Now for the Gift Tax: The ‘sister’ to the Estate tax

It’s important to remember that this new tax law only pertains to federal estate tax. It’s important to note that the lifetime gift tax exemption has also been doubled. As you may know, the gift tax was enacted to prevent taxpayers from avoiding estate tax by simply gifting their estate during their lifetime.

So it would make sense that as the estate tax exemption has been doubled, so has the gift tax exemption. This means you can give your assets away during your lifetime and so long the cumulative value of the gift(s) does not exceed $11.2M, generally, no gift tax would be imposed. I’ll give you my address if you are stuffing an envelope with a big check.

Finally, if the Gift Tax is the sister to Estate Tax, then tax law regarding Stepped Up Basis is its 1st cousin.  Thus, it’s also very important to you and me and should be noted that the new tax law retains the stepped up basis in property received from an estate.

This is actually a law that really does affect all the ‘commoner’, or middle-income American.  If you didn’t know the concept already, when you receive property through an inheritance (someone’s Will, Trust, etc.), the basis in that property “steps up”, meaning it increases in value from whatever the actual basis was in the property to the Fair Market Value (FMV) of the property at the time of death. For you as the recipient of the property, this is a HUGE tax benefit!

       For example, if Aunt Bertha bought an investment property in 1960 for $25,000 and it’s now worth $150,000, that’s a huge gain and tax liability if the property were sold by Aunt Bertha before her death. Moreover, if Aunt gifts you the property, or puts your name on the title, you get a carried over basis and will pay the same tax.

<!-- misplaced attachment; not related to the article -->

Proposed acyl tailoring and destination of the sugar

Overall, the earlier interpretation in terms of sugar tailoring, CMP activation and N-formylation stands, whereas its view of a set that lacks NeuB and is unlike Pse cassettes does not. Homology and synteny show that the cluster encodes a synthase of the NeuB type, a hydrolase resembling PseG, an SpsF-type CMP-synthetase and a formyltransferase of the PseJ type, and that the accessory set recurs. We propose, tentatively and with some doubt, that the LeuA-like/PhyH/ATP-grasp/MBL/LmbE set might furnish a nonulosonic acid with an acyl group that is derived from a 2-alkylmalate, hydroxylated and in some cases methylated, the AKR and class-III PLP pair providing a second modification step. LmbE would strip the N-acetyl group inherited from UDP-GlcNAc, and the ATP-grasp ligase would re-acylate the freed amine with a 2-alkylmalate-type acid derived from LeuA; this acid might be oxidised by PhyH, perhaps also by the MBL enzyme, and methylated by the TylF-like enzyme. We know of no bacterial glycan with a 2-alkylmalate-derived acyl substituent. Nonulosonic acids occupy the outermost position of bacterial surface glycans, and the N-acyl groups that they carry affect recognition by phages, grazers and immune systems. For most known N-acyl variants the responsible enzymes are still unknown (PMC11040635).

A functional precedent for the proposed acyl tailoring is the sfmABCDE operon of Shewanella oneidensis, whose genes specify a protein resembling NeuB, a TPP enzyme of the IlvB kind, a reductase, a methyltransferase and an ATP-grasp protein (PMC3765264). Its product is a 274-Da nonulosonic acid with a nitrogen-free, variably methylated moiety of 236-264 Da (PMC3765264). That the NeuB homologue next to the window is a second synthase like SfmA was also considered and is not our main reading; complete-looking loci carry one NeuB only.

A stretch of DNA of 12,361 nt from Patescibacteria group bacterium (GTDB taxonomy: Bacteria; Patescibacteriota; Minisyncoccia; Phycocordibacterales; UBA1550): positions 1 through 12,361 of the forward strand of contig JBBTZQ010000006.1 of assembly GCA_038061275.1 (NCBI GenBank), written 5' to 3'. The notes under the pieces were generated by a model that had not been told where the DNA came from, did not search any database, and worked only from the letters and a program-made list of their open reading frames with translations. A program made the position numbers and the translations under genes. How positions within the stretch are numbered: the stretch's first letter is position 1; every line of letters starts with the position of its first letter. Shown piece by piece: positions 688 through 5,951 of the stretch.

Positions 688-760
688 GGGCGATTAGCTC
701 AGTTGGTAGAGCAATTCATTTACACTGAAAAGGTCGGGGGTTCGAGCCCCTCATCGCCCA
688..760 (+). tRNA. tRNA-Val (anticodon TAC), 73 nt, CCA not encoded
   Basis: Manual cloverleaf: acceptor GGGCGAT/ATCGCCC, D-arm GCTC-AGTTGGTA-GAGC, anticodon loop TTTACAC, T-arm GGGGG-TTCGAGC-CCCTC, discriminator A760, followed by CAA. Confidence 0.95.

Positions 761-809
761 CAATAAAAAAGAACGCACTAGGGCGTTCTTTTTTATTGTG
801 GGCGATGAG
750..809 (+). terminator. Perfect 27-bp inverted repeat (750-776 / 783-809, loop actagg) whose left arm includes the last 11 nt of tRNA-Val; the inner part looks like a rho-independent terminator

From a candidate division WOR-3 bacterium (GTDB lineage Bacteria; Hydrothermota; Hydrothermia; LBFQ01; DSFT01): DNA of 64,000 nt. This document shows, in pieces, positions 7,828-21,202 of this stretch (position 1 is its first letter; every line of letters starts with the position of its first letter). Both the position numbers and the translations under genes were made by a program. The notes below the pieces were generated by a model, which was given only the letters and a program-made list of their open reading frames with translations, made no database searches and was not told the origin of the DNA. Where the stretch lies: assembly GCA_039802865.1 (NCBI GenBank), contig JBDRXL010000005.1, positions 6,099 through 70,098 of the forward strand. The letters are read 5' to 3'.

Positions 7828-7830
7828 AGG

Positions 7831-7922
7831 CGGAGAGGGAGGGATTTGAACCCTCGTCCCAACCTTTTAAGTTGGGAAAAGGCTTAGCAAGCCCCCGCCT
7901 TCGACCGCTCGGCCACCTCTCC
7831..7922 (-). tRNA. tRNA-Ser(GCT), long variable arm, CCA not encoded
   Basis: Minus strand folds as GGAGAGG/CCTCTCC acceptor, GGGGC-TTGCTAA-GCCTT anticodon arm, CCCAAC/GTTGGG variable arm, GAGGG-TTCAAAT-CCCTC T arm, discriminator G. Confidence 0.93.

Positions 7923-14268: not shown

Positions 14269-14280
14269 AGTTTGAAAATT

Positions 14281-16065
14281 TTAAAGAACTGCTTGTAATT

Result. But if YOU inherit Aunt Bertha’s home upon her death, and you want to sell it a couple years later for $200,000, your ‘basis’ would $150,000 (the FMV upon her death), instead of $25,000.  Thus, you only pay tax on $50,000 and you get a big tax benefit selling it after you inherit the property.

Ultimately, for most middle-class Americans, it’s important to remember that you alway’s liked your 1st cousin and didn’t mind seeing them once and a while at a family reunion. So just because you aren’t part of the 1% wealthiest people in America and could care less about the estate tax, YOU DO care about the concept of “Stepped Up Basis”.  Maybe you should have sent a Christmas Card to your cousin this last December after all.

* To sign up for Mark’s weekly Free E-Newsletter and receive his Free E-Book “The Top 10 Best Tax Saving Secrets Everyone Should Know” visit www.markjkohler.com.

Mark J. Kohler is a CPA, Attorney, co-host of the Radio Show “Refresh Your Wealth” and author of the new book “The Business Owner’s Guide to Financial Freedom- What Wall Street isn’t Telling You” and, “The Tax and Legal Playbook- Game Changing Solutions For Your Small Business Questions” He is also a partner at the law firm Kyler Kohler Ostermiller & Sorensen, LLP and the accounting firm K&E CPAs, LLP.